The ADA prohibits public entities (i.e. State and local governments, and any of their departments, agencies, districts or instrumentalities) from:
excluding a disabled individual from participation in the benefits of services, programs or activities of the public entity;
denying a disabled individual the benefits of services, programs or activities of the public entity; or
subjecting a disabled individual to discrimination by the public entity. See 42 U.S.C. § 12132.
Thus, public entities are now seeking, and will continue to demand, multimedia works and online services which afford reasonable accommodations for communication with persons with
disabilities. For example, David Wright, a National Public Radio reporter in Boston, has
reported [All Things Considered, February 16, 1995] that eight state governments are considering whether to suspend purchases of the current Windows product due to its inaccessibility for the visually-impaired. Microsoft claims that its forthcoming Windows 95 product will contain hooks for screen readers. Clearly, products and services which address the needs of the disabled will have an effective value-added component to help boost sales.
"Public accommodations" which are provided by private entities or persons are also prohibited
from discriminating on the basis of disability in the full and equal enjoyments of the goods,
services, facilities, privileges, advantages, or accommodations of any place of public
accommodation by any person. See 42 U.S.C. § 12182. The ADA requires physical access to stores and public facilities by the physically disabled, similar to the visual access to media by closed captioned television services for the hearing-impaired.
The list of "public accommodations" is extensive and includes: hotels; restaurants; movie
theaters or other places of exhibition or entertainment; auditoriums or other places of public
gathering; retail stores; establishments; professional offices and other service establishments;
museums, libraries, galleries or other places of public display or collection; and parks, zoos or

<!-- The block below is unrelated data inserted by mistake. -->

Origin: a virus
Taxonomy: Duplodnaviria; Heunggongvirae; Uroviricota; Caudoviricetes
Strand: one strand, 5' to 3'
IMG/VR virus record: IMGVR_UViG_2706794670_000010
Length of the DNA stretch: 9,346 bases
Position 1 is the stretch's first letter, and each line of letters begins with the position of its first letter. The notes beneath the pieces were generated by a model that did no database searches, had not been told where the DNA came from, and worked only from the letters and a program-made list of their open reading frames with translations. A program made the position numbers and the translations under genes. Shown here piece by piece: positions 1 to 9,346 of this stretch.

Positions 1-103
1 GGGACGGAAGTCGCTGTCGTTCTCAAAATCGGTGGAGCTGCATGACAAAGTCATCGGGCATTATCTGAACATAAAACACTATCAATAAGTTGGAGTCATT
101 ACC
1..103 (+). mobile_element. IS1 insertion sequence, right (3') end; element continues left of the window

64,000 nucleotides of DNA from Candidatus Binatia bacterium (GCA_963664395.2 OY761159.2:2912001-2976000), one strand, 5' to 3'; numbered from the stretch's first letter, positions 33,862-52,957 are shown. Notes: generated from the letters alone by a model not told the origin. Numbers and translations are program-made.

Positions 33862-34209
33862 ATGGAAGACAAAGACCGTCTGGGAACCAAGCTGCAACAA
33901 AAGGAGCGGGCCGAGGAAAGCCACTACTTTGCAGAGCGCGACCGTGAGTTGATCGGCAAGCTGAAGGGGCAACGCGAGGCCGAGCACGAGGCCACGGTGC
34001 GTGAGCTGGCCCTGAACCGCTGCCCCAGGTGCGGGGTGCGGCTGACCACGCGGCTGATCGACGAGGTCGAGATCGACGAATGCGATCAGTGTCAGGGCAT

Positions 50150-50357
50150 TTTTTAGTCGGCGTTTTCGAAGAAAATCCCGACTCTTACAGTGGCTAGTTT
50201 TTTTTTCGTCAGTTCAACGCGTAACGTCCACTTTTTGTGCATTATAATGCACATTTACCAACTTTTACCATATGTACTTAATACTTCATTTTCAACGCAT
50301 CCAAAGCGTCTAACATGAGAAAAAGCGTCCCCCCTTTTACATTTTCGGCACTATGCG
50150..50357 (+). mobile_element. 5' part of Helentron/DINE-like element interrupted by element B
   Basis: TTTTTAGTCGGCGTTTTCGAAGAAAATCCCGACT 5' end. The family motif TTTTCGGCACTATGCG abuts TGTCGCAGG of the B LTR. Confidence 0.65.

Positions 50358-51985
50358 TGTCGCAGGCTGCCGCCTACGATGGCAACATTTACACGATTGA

other places of recreation. See 42 U.S.C. § 12181(7).
While the list of "public accommodations" does not explicitly state that information kiosks,
cyberspace, the Internet or online services are "public accommodations," they are our generation's new places of public gathering and association, public display, collection, or discourse and an increasingly important place of exchange of information and association. It must be expected that information kiosks, cyberspace, the Internet and online services will be deeded to be "public accommodations." Consider the value-added component of products and services which provide access to these high-technology "public accommodations."
The 1994 calendar year was the first year that sales of computers exceeded television sets in the United States. Thus, the inability to access works by a computer will likely become as repugnant as the inability to provide closed captioning for television broadcasts.
Future applications of the ADA should be expected to address the issues of access to multimedia works used in kiosks provided to the public and/or museum displays and, then to multimedia works and online services used in business and at home. The inability of the disabled to access to publicly available information and services through multimedia works and online service providers will become legally unacceptable. As multimedia works and online services become more prevalent, accessibility by and reasonable accommodations for the disabled will be
Point & Click, Official Newsletter of the NMAA, March/April 1995, at 1.
Computer Digest, May 1995, at 1.